Welcome to the

Adult SMA REACH website

What is Adult SMA REACH?

Adult SMA REACH (Research and Clinical Hub) is a data collection study aiming to gain a better understanding of the impact of standards of care and new treatments on the natural history of Spinal Muscular Atrophy (SMA). This study is sponsored by The Newcastle upon Tyne Hospitals NHS Foundation Trust. Adult SMA REACH is funded by Biogen and Roche.

Currently, there are three drug treatments available for SMA in the UK: Zolgensma, Nusinersen and Risdiplam. Zolgensma is the only approved drug – Nusinersen and Risdiplam are currently available as part of Managed Access Agreements (MAA). Further information about Managed Access can be found here.

The advances in drug development have highlighted an urgent need to establish stronger clinical networks and data collection to monitor and gain a better understanding of the impact of new drugs on the natural history of the disease.

The Objectives of Adult SMA REACH

The collection of long-term SMA data is vital to the continuous improvement of disease progression of SMA. The first step in Adult SMA REACH was to establish connections between the UK sites caring for adult SMA patients, now this is in place, our objectives are to:

  • Create a clinical network to provide support on the delivery of standards of care, research and new therapies.
  • Establish a standardized care provision and service development
  • Correlate patient-entered and clinician-entered data for both paediatric and adults through connections with UK SMA Patient Registry and SMA REACH UK
  • Generate knowledge on the natural history and evolving phenotype of Adult SMA
  • Monitor patient safety accessing new treatments
  • Implement new functional scales and patient reported outcomes (PROMs)

Who is Involved in the Study? Where are our sites located?

Patients over the age of 16 years with 5q SMA are invited to participate through their local SMA clinic.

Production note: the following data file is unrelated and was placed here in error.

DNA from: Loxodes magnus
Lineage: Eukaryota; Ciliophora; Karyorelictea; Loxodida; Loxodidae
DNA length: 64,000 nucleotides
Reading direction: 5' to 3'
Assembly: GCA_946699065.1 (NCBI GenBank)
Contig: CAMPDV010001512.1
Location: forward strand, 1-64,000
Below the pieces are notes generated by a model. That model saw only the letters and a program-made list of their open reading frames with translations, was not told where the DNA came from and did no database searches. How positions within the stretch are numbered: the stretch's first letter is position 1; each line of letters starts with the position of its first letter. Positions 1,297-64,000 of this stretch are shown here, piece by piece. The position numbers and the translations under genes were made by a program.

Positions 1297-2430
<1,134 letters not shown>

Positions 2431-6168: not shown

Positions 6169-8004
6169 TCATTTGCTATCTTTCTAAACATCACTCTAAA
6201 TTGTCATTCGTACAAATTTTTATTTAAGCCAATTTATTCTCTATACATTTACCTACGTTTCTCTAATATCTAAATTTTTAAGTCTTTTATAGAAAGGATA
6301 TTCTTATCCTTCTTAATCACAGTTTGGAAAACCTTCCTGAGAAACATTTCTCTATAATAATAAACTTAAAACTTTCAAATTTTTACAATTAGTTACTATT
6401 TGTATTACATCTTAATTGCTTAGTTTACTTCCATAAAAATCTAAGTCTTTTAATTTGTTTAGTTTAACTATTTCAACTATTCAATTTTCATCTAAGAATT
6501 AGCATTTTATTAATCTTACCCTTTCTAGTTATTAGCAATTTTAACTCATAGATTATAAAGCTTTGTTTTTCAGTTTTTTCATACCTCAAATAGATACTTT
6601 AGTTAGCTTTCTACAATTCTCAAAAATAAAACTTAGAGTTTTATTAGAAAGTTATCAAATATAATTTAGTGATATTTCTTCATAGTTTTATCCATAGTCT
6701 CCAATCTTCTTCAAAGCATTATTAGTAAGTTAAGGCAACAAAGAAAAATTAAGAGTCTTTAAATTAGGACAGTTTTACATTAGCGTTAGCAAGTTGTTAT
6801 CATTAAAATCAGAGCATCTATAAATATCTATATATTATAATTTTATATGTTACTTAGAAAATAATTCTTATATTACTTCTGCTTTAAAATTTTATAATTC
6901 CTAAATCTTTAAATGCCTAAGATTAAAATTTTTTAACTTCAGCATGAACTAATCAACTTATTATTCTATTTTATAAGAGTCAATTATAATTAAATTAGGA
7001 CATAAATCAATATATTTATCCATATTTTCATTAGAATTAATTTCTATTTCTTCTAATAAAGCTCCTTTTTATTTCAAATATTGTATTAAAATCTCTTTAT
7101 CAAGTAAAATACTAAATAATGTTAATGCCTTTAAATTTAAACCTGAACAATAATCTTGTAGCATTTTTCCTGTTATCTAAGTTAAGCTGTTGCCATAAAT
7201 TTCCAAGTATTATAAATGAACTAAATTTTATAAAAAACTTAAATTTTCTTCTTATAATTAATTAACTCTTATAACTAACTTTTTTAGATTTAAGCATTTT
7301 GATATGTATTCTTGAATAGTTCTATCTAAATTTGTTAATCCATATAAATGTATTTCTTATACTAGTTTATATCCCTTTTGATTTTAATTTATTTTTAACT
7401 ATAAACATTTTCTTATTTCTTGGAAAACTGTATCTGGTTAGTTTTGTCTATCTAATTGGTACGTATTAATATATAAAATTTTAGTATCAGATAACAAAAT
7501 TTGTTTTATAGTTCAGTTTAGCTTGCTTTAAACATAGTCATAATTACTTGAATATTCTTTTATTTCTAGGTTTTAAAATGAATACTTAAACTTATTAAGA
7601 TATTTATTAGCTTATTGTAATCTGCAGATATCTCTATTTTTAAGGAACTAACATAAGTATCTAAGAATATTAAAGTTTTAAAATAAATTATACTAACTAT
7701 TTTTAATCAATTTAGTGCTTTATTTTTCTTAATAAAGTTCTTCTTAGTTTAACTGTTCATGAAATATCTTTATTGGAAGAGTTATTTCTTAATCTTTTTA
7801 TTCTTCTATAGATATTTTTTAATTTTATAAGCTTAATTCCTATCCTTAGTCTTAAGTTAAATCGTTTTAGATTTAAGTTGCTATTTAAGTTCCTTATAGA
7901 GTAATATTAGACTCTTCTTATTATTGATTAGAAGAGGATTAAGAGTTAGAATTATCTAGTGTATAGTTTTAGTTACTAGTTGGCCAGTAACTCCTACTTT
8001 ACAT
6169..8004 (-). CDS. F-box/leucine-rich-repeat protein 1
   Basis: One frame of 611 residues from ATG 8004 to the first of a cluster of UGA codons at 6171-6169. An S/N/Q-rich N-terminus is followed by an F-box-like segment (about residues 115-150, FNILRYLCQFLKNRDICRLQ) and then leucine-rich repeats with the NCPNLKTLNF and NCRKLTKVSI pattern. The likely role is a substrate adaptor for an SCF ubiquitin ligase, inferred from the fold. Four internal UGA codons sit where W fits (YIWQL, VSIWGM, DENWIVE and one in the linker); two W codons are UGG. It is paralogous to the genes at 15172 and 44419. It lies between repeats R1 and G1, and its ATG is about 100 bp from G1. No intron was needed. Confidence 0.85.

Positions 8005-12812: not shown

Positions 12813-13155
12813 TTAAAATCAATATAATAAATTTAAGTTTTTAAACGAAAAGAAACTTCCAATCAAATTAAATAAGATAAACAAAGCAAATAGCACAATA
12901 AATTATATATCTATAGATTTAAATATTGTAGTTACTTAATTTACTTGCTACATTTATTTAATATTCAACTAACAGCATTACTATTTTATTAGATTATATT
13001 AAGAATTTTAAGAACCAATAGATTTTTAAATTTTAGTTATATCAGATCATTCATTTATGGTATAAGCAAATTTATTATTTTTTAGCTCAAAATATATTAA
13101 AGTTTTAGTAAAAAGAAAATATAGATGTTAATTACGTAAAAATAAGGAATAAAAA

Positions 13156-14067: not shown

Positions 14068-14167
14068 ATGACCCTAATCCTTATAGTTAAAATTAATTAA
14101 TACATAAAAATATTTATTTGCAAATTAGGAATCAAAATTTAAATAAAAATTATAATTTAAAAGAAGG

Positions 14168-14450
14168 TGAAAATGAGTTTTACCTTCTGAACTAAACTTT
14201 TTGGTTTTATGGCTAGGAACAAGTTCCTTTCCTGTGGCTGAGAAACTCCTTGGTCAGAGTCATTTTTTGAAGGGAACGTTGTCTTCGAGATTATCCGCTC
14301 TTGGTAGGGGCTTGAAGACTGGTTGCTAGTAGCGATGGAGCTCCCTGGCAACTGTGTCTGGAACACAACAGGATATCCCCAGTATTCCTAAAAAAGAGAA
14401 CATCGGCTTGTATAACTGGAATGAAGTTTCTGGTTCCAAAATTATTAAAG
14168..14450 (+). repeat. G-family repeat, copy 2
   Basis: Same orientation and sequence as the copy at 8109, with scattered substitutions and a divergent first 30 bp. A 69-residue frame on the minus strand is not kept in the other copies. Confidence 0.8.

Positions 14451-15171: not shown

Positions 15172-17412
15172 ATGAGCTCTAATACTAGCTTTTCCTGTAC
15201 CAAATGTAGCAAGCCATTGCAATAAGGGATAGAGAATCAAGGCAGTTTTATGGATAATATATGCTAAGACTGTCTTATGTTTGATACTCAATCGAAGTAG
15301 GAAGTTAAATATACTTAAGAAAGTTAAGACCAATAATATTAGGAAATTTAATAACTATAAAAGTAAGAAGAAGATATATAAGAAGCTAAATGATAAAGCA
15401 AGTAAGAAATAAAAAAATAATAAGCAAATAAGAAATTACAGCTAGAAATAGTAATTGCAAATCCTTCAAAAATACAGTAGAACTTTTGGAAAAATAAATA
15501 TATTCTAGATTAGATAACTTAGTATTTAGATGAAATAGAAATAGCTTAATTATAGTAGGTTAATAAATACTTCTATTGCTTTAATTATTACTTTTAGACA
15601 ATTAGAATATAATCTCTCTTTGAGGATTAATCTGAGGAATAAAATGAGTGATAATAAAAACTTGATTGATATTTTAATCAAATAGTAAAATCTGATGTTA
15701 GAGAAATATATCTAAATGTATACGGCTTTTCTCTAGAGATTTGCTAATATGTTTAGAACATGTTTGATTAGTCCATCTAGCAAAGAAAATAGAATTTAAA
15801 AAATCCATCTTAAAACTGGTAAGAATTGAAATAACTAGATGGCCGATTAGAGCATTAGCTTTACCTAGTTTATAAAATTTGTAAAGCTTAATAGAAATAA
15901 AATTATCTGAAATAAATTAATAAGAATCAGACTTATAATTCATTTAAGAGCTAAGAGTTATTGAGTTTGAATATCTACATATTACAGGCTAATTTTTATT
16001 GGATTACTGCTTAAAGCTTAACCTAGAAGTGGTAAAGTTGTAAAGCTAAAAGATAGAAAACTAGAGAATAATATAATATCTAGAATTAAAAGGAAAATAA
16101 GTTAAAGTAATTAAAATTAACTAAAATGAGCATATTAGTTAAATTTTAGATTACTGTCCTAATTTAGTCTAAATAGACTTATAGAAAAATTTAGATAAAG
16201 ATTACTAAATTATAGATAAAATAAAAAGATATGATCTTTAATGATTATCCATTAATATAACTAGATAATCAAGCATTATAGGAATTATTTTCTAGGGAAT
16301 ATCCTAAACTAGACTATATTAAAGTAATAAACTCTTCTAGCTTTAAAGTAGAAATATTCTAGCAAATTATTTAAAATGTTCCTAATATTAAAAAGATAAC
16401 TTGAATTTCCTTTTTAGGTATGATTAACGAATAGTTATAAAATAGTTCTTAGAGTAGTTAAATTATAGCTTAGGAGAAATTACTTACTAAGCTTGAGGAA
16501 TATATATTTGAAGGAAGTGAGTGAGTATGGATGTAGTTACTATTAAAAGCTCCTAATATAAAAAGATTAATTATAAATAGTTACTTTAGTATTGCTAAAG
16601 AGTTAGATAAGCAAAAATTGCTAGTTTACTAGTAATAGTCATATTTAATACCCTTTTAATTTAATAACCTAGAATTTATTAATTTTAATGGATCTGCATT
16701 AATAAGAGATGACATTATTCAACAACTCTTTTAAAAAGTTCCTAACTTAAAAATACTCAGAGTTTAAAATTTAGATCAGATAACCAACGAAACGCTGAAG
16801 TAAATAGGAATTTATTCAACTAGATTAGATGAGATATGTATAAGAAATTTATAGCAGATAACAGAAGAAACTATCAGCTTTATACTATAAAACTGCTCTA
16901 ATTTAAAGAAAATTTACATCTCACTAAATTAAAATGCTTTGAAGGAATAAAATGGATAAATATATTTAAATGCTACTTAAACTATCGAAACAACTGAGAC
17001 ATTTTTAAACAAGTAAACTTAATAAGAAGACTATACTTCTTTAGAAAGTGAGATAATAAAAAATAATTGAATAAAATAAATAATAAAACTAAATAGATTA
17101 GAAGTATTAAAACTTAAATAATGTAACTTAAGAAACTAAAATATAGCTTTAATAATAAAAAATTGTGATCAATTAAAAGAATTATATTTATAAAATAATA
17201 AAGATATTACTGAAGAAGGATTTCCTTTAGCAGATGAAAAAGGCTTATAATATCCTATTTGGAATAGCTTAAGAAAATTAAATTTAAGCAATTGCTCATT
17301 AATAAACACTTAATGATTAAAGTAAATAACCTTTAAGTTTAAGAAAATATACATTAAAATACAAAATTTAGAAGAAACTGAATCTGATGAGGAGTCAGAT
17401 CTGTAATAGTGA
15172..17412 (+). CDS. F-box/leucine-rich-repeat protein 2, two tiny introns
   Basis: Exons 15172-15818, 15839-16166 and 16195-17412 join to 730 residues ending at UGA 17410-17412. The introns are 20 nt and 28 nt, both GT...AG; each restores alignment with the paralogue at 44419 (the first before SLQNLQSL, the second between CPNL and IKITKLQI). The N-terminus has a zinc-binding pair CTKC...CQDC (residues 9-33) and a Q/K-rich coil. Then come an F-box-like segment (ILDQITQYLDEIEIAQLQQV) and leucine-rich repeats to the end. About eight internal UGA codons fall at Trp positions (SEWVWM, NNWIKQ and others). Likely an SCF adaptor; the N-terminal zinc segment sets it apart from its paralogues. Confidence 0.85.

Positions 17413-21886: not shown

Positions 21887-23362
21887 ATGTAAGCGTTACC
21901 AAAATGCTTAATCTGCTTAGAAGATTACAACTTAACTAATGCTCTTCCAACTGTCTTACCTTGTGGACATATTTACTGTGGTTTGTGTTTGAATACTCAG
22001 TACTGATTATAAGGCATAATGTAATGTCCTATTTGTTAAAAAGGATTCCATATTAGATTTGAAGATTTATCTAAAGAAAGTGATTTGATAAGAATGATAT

Our Adult SMA REACH team are based at the John Walton Muscular Dystrophy Research Centre (JWMDRC) in Newcastle. You can find more information about our team and their roles in Meet the Team.

Our 20 participating sites are located throughout the United Kingdom in England, Scotland, Northern Ireland and Wales. Please see Our Networks for a site map and more details on where to find participating sites near you.

Who We Work with

We work alongside SMA REACH UK and the UK SMA Patient Registry with the goal of systematising and harmonising the collection of paediatric and adult patient data, enabling the integrated and longitudinal analysis of clinical and patient-reported data. We also facilitate data collection transition from paediatric to adult care.

We also work closely with SMA patient organisations, to find out more please visit our Ongoing Research page. Our page has some further links to patient organisations, all of which have lots of useful information relating to SMA.

When did Adult SMA REACH begin?

Our study was approved in June 2021. It began during the Managed Access Agreement (MAA) of Risdiplam and Nusinersen. Please see For Patients for more study information.

What is Spinal Muscular Atrophy (SMA)?

Spinal Muscular Atrophy (SMA) is a rare neuromuscular disease, which specifically affects motor neurons within the spinal cord – resulting in muscle weakness and progressive degeneration, causing difficulty moving, breathing and muscle problems.

It is caused by a mutation in the survival motor neuron 1 gene (SMN1) which results in a heterogeneous disease spectrum affecting infants and adults.

There are five main subtypes (SMA 0, 1, 2, 3, 4), classified by age of onset and maximum acquired motor function – symptoms can begin anywhere from less than 6 months of age to between 18-35.

To find out more details about SMA, please visit our For Patients section, here there are links to these organisations websites that are filled with useful information and resources if you wish to gain a greater insight into SMA.


Fact of the week!

Blood tests are often used to diagnose spinal muscular atrophy. These blood tests can identify at least 95% of SMA types 1, 2 and 3, and could also identify if a person is a carrier of the genes that cause SMA.

Visit the John Walton Muscular Dystrophy Research Centre Social Media feeds:

Adult SMA REACH is funded by:

Roche logo

Contact us: [email protected]

JWMDRC, NHS & Newcastle University logos
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